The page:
Know the Facts
Bifacial Myths vs. Facts
Balance of Systems
Myth: Costs, including balance of system and O&M, are the same for bifacial and monofacial modules.
Fact: When you look closer, you will notice additional costs for land, cabling design, taller tracker systems, financing, and vegetation and soiling control.
Additionally, bifacial energy gains are highly dependent on other factors such as albedo, row spacing, post height, torque tube thickness, etc. All of these factors increase the cost for the EPC by approximately +1-4 cents per Watt thereby increasing the variable costs of the power plant.
Myth: When utilizing energy yield prediction software for bifacial modules, it is okay to use the default/standard value for albedo.
Fact: Vegetation and the composition of the soil at your project site can have a significant impact on albedo, which can influence bifacial energy yield by 10% or more.
The extent of vegetation control required can vary significantly by project site, in many cases, O&M costs for bifacial modules will exceed costs for monofacial modules.
Myth: You can take the nameplate wattage of bifacial modules to the bank.
Fact: There is currently no international standard for measuring the nameplate wattage of bifacial modules.
While there are test specifications under consideration from the IEC, they are not yet required for certification. Read more about challenge areas the IEC test specification have had to date.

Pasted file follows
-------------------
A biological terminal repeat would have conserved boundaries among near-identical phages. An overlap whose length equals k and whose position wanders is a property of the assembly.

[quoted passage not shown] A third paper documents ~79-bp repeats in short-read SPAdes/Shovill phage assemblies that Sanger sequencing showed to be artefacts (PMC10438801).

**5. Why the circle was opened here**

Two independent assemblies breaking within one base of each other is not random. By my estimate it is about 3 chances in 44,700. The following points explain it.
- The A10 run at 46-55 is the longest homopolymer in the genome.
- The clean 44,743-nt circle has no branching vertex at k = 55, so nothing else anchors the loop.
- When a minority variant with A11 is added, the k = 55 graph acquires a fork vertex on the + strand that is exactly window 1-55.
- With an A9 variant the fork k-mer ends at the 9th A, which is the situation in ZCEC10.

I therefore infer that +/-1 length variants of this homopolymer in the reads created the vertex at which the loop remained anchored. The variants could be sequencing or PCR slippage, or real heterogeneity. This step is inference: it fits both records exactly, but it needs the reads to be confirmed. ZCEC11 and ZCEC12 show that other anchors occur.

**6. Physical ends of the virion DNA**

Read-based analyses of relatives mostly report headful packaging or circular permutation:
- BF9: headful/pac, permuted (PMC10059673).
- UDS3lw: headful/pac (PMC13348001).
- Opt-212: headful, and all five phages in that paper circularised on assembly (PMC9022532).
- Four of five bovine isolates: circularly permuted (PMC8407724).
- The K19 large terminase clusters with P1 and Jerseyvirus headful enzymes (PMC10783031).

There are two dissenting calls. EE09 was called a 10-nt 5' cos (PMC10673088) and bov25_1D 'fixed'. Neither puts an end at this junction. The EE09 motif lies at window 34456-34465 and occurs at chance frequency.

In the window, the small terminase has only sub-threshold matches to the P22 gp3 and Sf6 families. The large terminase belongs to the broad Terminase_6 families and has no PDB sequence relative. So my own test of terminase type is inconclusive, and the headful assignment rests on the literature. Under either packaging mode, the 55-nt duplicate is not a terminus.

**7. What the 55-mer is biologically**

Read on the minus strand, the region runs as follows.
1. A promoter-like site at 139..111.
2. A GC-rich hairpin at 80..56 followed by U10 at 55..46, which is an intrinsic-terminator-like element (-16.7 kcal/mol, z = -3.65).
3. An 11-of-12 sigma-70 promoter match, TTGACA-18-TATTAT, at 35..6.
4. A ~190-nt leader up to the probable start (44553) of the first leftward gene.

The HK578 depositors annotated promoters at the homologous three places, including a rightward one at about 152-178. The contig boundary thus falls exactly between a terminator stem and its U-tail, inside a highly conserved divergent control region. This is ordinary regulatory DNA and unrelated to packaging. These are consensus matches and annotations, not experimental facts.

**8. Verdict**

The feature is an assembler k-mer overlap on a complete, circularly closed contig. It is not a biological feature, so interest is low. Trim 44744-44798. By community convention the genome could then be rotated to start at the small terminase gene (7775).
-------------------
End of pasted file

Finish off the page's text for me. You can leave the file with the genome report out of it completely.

In order to mitigate risk associated with bifacial gains, financiers typically assume more conservative bifacial gains than are modeled in energy predictions.
Myth: What we understand about optimal tilt angle for standard systems can be applied to bifacial systems without risk of inaccuracies.
Fact: It is unknown whether accepted tilt angle best practices hold true for bifacial modules because impacts of tilt angle on bifacial systems have yet to be adequately studied.
More data is necessary to refine the algorithms used to calculate optimal tilt angles for bifacial modules on tracker systems. These algorithms are complex and must incorporate not only direct sunlight, but also reflected direct sunlight, diffuse sunlight, reflected diffuse sunlight, structure shading, row spacing, structure height, and more. These factors, and others, contribute to increased uncertainty about bifacial energy gains.
Myth: Bifacial modules are ideal for snowy conditions because they can absorb light reflected off snow on the ground.
Fact: Shading from snow contributes to energy losses estimated at 10% or more. Whether bifacial modules can make up for these losses has yet to
be conclusively tested.
Many assume bifacial modules are ideal for high albedo conditions (like snow, white sand, etc.) due to increased back-side energy gains of between 5-30%.
However, multiple, statistically representative samples of albedo at the specific project site are necessary to accurately measure albedo. According to a 2019 study by CFV, albedo can vary as much as 15-30% by season and by time of day. Because the site-specific albedo can vary so greatly, it can have a dramatic impact to predicted energy yield.
Myth: Bifacial yield estimates are just as precise as monofacial module estimates, so you can bank on the figures.
Fact: Known considerations such as albedo, view factor and mismatch losses are not yet conclusively studied for bifacial — not to mention unknown factors yet to be discovered.
Bi-facial c-Si modules are relatively new and there is currently insufficient data to validate the predictability of their long-term energy yield, which results in challenges with project financing.
Utility-scale bifacial performance data won’t be available for another 1-2 years.
Explore the following documents on bifacial technology.
The Weekend Read: Pursuing a 20 percent Bifacial Boost|PV Magazine | Charles W. Thurston
PVEL highlights industry trends and challenges in module manufacturing and technology|PV Tech | Finlay Colville